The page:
When it comes to writing sexy historicals, there’s a fine line to be tread between “understandable to the modern audience” and “accurate”. Our very own Lacy Danes has a lovely page of historical sex terms. One of my chosen references is the 1811 Dictionary of the Vulgar Tongue, which I think is a later edition of an older 1750’sish dictionary. It’s mostly cant and rhyming slang, which as an Aussie I am particularly at home with. I often tell my husband to answer the “Eau de” (pronounced “ohdee”), which frequently gets a puzzled look, but “eau de cologne” rhymes with “phone”. Great if your hero is into that scene, which the original title page describes quite well:
and Pickpocket Eloquence
Your heroine is either taught this by a lover, is a pickpocket herself, or hung around with her brother and his university friends....
Another resource I use is The big book of FILTH: 6,500 sex slang words and phrases (ISBN: 0-304-35350-7). This is great. It dates every usage of the word, down to the decade. (It also has 30 pages of alternative words to “penis”.)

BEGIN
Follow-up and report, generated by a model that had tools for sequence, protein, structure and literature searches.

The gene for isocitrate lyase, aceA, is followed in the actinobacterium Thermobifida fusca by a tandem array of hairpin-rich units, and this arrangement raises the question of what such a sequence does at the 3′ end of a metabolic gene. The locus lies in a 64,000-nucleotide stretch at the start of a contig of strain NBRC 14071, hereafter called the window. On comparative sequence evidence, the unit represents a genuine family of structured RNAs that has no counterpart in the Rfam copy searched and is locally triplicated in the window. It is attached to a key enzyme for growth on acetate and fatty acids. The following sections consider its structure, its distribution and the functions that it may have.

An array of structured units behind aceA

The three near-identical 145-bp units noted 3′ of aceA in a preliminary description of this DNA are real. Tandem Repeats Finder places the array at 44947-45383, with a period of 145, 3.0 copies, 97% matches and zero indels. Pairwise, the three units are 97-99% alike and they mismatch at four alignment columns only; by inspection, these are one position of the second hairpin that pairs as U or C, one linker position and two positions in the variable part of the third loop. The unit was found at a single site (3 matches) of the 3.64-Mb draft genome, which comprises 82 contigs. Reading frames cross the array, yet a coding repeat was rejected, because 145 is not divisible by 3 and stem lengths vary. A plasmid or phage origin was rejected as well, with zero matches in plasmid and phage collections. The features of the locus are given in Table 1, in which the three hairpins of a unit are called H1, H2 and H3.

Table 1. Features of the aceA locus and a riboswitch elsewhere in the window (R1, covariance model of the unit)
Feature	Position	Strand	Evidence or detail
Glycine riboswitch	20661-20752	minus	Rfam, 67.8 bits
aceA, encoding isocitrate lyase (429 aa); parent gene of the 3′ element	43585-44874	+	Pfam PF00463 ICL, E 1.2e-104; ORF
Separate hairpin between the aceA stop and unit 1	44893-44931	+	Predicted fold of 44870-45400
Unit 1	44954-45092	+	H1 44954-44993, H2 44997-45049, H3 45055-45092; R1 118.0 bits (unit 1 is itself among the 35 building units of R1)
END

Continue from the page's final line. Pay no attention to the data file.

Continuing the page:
Which brings me to the problems of being accurate. Some of these words sound very silly: “torch of cupid”, “pizzle” sounds a bit odd. Even “limb” or “master of cockshire” is weird.
What’s a writing girl to do? The alternative is to get medical which is not always the best route to take. I mean, why bring the clinical into the erotic? But the best part is that there are words in modern day use that have been used since the 17th century. A happy, Anglo-Saxon, four-letter word.
People might think I’m vulgar, but hey, at least I’m accurate.
How do you deal with historical sex terms in your work? Readers: what words have made you howl?